Sometimes things are just meant to be.
Even in ideal sight-fishing conditions, redfish can spook, bend a hook, pop a line, just not eat or find myriad other ways to avoid the landing net.
So imagine finally hooking up with a valuable fish — like one that could mean a new $65,000 Skeeter boat and more than $7,000 in prize money — and then slipping on the way down from your elevated casting platform and watching your rod fly overboard.
“I think I might have broke a rib,” Pescay says immediately after crashing into the seat beneath his platform. “God, it’s hard to breathe.”
Miraculously, after almost knocking the wind out of himself and taking about 10 minutes to recover, Pescay struggled back up to his platform to see if he could at least find his rod in what appeared to be about 18 inches of water.
He did — and incredibly, the redfish was still hooked up.
“I ended up fighting the fish, catching him and weighing him in today,” Pescay told the Biloxi Sun Herald. “That fish was so important that if one person had gotten in between me and the leader, I would have not gotten Angler of the Year. It was critical that I had that fish. Today I was in a rush like usual. You want to catch as much fish as you can. You want to cover as much ground as you can.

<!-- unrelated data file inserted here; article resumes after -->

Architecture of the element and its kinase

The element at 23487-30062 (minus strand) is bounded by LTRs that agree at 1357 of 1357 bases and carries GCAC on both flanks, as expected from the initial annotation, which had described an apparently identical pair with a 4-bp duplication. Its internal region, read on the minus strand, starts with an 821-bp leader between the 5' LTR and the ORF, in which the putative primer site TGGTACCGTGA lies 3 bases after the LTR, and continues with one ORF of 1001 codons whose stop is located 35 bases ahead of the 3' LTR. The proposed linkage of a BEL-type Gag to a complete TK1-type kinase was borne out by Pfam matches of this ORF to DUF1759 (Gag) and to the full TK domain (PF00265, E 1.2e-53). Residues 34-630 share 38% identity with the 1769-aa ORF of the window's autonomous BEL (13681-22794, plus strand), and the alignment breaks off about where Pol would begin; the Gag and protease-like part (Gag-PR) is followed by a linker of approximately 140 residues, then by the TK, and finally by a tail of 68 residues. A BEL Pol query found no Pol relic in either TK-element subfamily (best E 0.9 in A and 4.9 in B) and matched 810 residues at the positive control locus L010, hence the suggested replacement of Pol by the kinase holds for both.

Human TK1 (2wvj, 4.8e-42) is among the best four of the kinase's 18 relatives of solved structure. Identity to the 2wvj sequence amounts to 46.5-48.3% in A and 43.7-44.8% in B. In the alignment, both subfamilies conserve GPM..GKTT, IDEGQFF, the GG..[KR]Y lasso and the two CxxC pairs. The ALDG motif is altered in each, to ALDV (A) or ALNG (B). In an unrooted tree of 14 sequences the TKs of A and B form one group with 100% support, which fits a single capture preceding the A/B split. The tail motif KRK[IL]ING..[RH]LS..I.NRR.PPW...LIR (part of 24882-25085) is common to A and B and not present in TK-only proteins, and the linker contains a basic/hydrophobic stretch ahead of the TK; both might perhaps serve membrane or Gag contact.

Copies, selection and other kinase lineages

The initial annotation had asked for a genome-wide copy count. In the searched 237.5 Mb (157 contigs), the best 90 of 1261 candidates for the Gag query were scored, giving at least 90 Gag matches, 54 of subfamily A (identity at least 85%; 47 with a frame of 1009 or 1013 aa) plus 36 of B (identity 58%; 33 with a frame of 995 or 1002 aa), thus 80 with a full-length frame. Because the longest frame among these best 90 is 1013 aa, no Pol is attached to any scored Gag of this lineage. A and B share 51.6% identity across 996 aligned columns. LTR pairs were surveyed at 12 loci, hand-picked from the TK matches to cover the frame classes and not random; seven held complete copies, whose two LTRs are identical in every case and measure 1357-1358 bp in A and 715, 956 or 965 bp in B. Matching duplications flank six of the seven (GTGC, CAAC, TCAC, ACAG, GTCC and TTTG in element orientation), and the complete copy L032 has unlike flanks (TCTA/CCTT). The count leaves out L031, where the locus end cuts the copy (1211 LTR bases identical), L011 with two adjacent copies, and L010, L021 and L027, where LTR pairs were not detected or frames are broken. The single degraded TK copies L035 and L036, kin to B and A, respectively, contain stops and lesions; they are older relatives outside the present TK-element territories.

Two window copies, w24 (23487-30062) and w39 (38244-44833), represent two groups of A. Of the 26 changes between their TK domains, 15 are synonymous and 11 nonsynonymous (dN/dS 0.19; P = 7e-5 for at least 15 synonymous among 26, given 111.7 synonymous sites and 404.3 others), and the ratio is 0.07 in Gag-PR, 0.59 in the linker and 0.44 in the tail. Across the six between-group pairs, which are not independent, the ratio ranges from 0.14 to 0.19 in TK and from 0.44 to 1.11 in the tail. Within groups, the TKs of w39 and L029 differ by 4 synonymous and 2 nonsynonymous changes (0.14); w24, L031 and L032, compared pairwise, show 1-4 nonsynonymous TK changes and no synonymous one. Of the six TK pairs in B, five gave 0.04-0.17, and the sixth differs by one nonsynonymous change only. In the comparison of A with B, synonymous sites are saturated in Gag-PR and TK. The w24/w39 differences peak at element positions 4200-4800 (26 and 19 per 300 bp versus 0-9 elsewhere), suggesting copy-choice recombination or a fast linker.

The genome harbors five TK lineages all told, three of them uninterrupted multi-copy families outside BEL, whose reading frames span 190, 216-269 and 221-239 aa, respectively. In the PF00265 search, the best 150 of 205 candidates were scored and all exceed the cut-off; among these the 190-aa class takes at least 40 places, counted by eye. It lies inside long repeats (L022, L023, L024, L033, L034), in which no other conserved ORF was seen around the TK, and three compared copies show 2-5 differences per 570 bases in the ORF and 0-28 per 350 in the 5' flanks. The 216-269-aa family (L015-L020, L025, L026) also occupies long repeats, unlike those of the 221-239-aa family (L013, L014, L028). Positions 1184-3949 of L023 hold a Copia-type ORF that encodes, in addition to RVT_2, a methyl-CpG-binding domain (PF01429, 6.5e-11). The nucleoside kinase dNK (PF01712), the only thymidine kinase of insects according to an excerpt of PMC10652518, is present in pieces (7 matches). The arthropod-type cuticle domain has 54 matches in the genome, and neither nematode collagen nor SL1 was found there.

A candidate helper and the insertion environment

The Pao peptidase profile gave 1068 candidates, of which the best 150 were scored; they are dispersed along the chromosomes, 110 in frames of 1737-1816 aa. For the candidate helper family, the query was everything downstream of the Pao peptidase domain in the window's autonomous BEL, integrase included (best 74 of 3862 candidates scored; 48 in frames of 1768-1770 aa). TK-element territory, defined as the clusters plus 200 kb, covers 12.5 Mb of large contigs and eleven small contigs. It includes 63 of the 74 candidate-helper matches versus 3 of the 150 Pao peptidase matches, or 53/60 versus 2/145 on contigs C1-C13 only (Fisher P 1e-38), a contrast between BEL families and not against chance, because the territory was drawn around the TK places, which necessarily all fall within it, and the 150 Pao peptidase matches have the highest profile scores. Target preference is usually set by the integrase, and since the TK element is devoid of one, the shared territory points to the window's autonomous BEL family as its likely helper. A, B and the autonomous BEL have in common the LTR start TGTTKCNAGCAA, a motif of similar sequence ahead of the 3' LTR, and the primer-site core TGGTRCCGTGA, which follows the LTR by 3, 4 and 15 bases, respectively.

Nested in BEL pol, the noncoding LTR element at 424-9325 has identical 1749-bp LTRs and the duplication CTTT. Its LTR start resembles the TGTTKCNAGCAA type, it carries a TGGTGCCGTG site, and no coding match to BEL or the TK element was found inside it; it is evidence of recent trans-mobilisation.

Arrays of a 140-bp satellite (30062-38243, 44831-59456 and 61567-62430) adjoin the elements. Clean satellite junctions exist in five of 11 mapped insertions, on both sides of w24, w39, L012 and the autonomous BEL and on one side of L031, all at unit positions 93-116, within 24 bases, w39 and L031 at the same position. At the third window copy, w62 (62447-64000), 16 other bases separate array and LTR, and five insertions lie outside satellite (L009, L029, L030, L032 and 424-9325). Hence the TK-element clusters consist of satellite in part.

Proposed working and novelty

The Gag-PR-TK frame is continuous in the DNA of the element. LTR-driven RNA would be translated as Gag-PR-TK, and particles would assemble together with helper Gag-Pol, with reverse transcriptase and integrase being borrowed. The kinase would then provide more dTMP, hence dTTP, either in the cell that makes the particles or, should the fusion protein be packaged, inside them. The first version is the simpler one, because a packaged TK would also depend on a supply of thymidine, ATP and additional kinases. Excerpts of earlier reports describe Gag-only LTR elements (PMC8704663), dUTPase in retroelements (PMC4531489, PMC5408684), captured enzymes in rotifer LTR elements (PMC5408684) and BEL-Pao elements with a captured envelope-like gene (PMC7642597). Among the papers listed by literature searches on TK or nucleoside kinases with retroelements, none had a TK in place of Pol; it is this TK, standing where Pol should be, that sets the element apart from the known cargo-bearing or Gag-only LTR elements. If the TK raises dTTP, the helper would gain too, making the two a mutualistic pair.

“It had just started raining. I had hooked the fish, and I climbed down from my tower to go net him. And I’m quick about it. I was just a little too quick with a wet surface, and my foot slipped out from under me, and I came tumbling down and landed on my handrail right underneath my left ribs.”
Paul Dufrene won the event based out of the Scarlet Pearl Casino in D’Iberville, Miss., but Pescay placed second and outpointed the field for the season to win the boat and bonus cash and take Eastern Division Angler of the Year honors.